Bush Vs. Clinton: Transparency Wars

Jeb Bush

Image courtesy of Right to Rise PAC

Bush Vs. Clinton: Transparency Wars
| published March 19, 2015 |

By R. Alan Clanton
Thursday Review editor

The odds of a dynastic rematch in 2016 just got a lot stronger, and Americans may indeed face the prospect—for better or worse—of another presidential election between a Bush and a Clinton. Jeb Bush is raising money faster than any candidate of any party—in history. If his current fundraising pace continues through summer, the smart math analysts say, he will topple even the dizzying numbers hit by Barack Obama and Mitt Romney in 2012. If he can sustain the money pace going into Iowa, he will have raised more money than the combined fundraising in 2012 of Romney and Obama.

Questions about whether Bush is a serious candidate no longer need to be asked. While the money flows, he is running.

And in the so-called transparency wars—those early skirmishes designed to diffuse unignited stink bombs and get out in front of media scrutiny and negative spin—Bush is beating Hillary Clinton hands-down. Back in January and February Bush released hundreds of thousands of emails, disclosed thousands of documents related to all of his business interests and commercial ventures, and basically made available every piece of paper he has come in contact with in more than two decades of work and public activity. One friend likened it to building a Presidential Library before you become President.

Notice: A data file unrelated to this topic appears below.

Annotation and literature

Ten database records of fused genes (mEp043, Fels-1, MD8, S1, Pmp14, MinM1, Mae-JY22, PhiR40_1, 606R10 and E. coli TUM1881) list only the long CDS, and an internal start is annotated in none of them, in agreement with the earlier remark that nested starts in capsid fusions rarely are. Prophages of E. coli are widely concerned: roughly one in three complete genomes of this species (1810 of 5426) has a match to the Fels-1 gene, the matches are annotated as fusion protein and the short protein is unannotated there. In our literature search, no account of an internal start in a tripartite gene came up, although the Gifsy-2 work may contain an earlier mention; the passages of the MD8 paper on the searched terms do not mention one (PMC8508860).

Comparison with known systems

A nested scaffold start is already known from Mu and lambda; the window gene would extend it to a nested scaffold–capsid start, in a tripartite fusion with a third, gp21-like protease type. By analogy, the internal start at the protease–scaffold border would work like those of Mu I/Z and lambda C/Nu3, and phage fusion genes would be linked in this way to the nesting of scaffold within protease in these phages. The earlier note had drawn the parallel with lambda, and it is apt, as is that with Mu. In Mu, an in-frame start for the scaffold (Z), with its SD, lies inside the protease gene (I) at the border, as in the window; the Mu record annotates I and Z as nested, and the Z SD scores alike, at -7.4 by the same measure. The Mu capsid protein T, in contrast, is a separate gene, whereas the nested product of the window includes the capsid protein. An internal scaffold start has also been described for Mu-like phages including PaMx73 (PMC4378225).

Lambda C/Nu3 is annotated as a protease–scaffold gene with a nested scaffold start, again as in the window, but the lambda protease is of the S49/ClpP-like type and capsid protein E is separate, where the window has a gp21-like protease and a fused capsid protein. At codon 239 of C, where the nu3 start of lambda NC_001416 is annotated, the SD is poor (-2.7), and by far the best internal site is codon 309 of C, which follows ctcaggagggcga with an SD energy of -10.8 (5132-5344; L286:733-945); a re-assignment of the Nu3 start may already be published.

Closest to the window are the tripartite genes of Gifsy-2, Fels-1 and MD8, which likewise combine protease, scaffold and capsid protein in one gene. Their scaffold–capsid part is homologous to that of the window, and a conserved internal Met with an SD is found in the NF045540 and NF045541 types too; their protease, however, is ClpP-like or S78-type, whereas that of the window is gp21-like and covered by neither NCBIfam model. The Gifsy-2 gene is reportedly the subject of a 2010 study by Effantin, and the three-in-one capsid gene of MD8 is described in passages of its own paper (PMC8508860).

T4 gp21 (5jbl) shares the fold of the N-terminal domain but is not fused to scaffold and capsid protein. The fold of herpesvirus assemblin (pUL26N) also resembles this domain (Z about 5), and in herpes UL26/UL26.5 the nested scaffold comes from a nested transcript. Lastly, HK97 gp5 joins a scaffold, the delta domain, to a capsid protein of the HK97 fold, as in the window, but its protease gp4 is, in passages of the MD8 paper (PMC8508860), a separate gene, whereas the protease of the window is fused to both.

Back in 1999, early in his tenure as Governor of the Sunshine State, Bush—policy wonk and stickler for detail—wrote to a supporter and included the semi-rhetorical question “I wonder if this email is a matter of public record?” He included more than a dozen questions marks after the brief daydream. More than 15 years have passed, and Bush appears eerily prescient on the question of emails and full disclosure.

Meanwhile, Hillary Clinton struggles still with Servergate, and now faces the possibility of a House investigation—spurred by Speaker John Boehner and supported by Rep. Jason Chafetz—into Clinton’s failure to use a government email account.

The timing has been good news for Bush—a happy accident for the son of George H.W. Bush and the brother of George W. Bush, and the man who is now the de facto front-runner among a crowded field numbering some dozen potential candidates. When it was revealed that while serving as Secretary of State, Hillary Clinton not only used a privately-crafted email account to conduct government business (State Department emails, we were told, were intermingled with personal communications), but also used what’s known in computer geek circles as a “homebrew” server, the spaghetti hit the fan.